Eight dead as police, religious party workers clash in Pakistan
Pakistani policemen look on with their weapons during clashes with supporters of preacher Tahir-ul-Qadri in Lahore, on June 17, 2014 - by Arif Ali
The clash, a rare act of political violence in Prime Minister Nawaz Sharif's home city, involved supporters of cleric Tahir-ul-Qadri who lives in Canada but is due to come to Pakistan on June 23.
He hopes to lead a "peaceful revolution" against the country's parliamentary democracy which he considers corrupt.
The religiously moderate cleric has a large following in Pakistan. But some analysts believe he is also supported by the country's powerful military establishment to keep civilian authorities in check.
The violence came as Pakistan's military is engaged in a major offensive against Taliban militants in the restive northwest, and could put political pressure on Sharif's government at a delicate moment.
Shahbaz Sharif, who is Nawaz's brother and also chief minister of the Punjab province of which Lahore is the capital, said eight people were killed and 97 others including 28 policemen were wounded.
He demanded a probe into the violence and offered to resign if he was found culpable.
"I request the Lahore High Court chief justice to immediately constitute a judicial commission to start a speedy probe into the incident in which eight innocent lives were lost," he told reporters.
"I am deeply saddened over the killings and I offer my sympathies to Tahir-ul-Qadri and the bereaved families," he continued.
"If I am held responsible, I will immediately resign because I cannot even imagine using force against anyone and my past five years and previous tenures reflect that."
Police said the clashes began when they went to remove what they called illegal security barricades from the office of Qadri's Pakistan Awami Tehreek (PAT), meaning "Pakistan People's Movement", in the city's Model Town suburb on Monday night.
"When police arrived to remove illegal encroachments, party workers started pelting stones and threw petrol bombs from the roof," the city police chief Chaudhry Shafiq told AFP.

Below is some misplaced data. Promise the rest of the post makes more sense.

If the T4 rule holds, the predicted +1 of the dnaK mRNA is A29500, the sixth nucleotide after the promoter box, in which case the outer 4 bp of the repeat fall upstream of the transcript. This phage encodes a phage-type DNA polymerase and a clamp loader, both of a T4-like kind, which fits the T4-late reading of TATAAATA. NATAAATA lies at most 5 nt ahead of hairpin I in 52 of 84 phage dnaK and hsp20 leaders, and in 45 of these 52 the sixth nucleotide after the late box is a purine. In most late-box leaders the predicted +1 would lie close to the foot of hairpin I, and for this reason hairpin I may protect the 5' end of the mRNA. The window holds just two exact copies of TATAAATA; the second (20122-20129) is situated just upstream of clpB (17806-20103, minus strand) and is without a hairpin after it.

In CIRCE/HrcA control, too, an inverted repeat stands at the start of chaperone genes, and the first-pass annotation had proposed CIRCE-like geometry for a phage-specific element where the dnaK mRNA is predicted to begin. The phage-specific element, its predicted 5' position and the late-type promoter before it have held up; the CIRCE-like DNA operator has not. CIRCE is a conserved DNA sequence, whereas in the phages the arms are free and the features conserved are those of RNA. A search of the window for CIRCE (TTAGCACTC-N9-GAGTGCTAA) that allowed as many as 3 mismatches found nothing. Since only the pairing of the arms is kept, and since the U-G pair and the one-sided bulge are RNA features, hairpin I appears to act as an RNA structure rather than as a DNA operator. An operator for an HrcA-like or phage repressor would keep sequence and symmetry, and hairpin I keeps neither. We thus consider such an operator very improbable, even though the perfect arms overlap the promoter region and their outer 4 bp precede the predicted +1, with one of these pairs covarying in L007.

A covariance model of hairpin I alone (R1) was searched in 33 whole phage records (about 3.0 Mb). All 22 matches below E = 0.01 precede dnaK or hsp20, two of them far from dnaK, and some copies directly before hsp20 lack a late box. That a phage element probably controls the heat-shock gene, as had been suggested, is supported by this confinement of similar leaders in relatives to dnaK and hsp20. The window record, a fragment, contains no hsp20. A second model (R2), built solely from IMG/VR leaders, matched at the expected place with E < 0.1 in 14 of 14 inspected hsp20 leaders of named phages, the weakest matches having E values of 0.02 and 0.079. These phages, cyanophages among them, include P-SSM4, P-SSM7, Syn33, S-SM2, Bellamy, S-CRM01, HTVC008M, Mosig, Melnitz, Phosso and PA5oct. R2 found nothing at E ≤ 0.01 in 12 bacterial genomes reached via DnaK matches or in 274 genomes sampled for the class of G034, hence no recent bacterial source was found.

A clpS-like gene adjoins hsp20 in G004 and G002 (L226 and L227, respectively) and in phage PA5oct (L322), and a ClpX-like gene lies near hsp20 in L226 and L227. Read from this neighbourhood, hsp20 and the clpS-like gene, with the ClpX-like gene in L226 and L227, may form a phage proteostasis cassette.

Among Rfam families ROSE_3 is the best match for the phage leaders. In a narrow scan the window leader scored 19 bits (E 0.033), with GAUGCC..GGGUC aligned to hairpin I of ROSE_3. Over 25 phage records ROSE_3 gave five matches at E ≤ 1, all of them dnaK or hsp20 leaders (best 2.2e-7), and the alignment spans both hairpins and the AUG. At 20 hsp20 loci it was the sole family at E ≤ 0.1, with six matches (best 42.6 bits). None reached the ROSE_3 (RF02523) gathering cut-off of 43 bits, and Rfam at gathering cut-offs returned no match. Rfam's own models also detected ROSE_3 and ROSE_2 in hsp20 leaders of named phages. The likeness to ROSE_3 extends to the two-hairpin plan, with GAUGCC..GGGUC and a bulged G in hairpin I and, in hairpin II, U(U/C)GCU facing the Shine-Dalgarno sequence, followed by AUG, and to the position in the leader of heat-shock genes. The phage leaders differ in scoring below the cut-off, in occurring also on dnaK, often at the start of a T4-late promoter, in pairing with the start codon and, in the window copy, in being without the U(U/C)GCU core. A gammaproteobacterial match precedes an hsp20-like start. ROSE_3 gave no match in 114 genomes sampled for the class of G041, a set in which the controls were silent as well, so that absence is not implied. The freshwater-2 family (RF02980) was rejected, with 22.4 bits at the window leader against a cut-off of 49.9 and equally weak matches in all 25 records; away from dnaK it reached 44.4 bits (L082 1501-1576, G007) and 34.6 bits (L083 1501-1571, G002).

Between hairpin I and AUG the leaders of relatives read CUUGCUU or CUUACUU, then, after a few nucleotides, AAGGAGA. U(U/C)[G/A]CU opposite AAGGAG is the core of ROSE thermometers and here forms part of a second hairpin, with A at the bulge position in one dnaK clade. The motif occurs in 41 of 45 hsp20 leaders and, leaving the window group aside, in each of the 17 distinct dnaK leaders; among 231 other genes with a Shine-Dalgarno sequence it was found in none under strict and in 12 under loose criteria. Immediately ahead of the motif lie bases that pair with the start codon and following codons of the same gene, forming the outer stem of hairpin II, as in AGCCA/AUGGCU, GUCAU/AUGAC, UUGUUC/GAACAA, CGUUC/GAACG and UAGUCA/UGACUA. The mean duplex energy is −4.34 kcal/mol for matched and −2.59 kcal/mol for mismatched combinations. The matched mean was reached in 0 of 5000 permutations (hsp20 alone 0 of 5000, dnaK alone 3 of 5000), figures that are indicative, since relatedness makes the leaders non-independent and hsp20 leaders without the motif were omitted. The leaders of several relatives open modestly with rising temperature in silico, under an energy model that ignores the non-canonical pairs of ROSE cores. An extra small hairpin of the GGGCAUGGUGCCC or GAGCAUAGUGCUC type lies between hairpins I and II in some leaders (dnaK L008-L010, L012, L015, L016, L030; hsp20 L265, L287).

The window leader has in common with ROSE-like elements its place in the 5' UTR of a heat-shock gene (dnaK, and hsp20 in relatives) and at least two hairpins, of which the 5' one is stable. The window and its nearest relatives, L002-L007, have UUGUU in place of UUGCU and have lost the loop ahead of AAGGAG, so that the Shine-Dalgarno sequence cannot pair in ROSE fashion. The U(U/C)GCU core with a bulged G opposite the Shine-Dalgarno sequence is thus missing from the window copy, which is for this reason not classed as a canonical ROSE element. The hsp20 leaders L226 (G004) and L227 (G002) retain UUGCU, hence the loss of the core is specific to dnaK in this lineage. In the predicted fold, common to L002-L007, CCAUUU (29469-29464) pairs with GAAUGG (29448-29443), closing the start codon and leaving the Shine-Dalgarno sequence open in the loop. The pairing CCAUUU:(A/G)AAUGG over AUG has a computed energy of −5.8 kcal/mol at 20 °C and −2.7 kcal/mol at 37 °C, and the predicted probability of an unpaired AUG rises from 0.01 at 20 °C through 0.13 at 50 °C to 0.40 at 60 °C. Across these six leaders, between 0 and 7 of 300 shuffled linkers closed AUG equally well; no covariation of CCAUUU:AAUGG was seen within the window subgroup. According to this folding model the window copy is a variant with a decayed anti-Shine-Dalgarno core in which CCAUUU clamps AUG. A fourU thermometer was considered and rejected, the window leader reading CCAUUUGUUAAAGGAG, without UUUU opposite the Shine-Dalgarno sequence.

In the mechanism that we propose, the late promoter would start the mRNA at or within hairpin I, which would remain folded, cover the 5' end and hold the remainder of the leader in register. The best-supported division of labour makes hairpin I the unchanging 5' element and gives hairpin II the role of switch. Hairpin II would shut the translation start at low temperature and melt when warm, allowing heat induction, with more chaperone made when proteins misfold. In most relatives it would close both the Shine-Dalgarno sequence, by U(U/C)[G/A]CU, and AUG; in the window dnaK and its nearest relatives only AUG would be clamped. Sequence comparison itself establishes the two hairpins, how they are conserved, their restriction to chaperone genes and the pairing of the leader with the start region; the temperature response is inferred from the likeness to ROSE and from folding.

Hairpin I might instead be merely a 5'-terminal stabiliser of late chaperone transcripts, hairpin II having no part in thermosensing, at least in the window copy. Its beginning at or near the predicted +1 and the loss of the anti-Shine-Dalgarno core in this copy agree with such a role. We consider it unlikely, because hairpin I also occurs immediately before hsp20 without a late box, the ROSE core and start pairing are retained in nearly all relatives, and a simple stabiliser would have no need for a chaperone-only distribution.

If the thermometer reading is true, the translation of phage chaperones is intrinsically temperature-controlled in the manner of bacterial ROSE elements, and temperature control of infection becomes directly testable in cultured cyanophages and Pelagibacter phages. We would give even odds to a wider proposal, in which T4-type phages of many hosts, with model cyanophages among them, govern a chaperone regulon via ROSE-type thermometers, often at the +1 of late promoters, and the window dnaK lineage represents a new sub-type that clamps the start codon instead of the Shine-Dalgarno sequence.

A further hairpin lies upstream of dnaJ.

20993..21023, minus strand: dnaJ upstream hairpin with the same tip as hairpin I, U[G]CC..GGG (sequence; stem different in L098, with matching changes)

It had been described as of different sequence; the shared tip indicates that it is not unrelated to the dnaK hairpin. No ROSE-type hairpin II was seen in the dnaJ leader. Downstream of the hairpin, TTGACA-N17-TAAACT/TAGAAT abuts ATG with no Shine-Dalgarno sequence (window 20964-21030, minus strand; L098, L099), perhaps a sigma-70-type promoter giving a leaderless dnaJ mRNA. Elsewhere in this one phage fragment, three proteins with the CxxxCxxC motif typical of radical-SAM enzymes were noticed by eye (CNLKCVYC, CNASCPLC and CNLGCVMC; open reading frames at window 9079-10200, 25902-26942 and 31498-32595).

Shafiq said the deaths resulted from "bullets fired by workers, not police".
An AFP photographer at the scene saw police fire tear gas and charge protesters with canes, bloodying many including old men.
- Party accuses PM -
Shahid Mursaleen, a spokesman for the party, accused Prime Minister Sharif of having a direct hand in the killings.
"These killings have been made on the orders of Nawaz Sharif and Shahbaz Sharif. We will register police cases against Nawaz Sharif, Shahbaz Sharif and their team," he said.
"We are a peaceful party but if such brutal acts by the government continue, our workers will come on roads and then they will get out of Doctor Qadri's control," he added.
The killings also sparked protests by PAT supporters in the central city of Multan, where they burnt tyres at the city's main Ali Chowk intersection.
In Karachi the Muttahida Qaumi Movement party which controls the city called for a nationwide day of mourning.
The PAT did not take part in last year's elections which saw Sharif sweep to power, criticising the current system of parliamentary democracy for what it called corruption and a lack of legitimacy.
Qadri led a rally of 100,000 people to the capital ahead of the polls, where he gave the government an ultimatum to initiate reforms or face the prospect of prolonged protest.
Commentators suggested PAT's founder and leader Qadri was working with the powerful military establishment to undermine civilian rule.
He is viewed as a religious moderate and has authored numerous books as well as a fatwa denouncing suicide bombs.
A Canadian citizen, he is something of a favourite on the international lecture circuit and has been a guest at the World Economic Forum in Davos.
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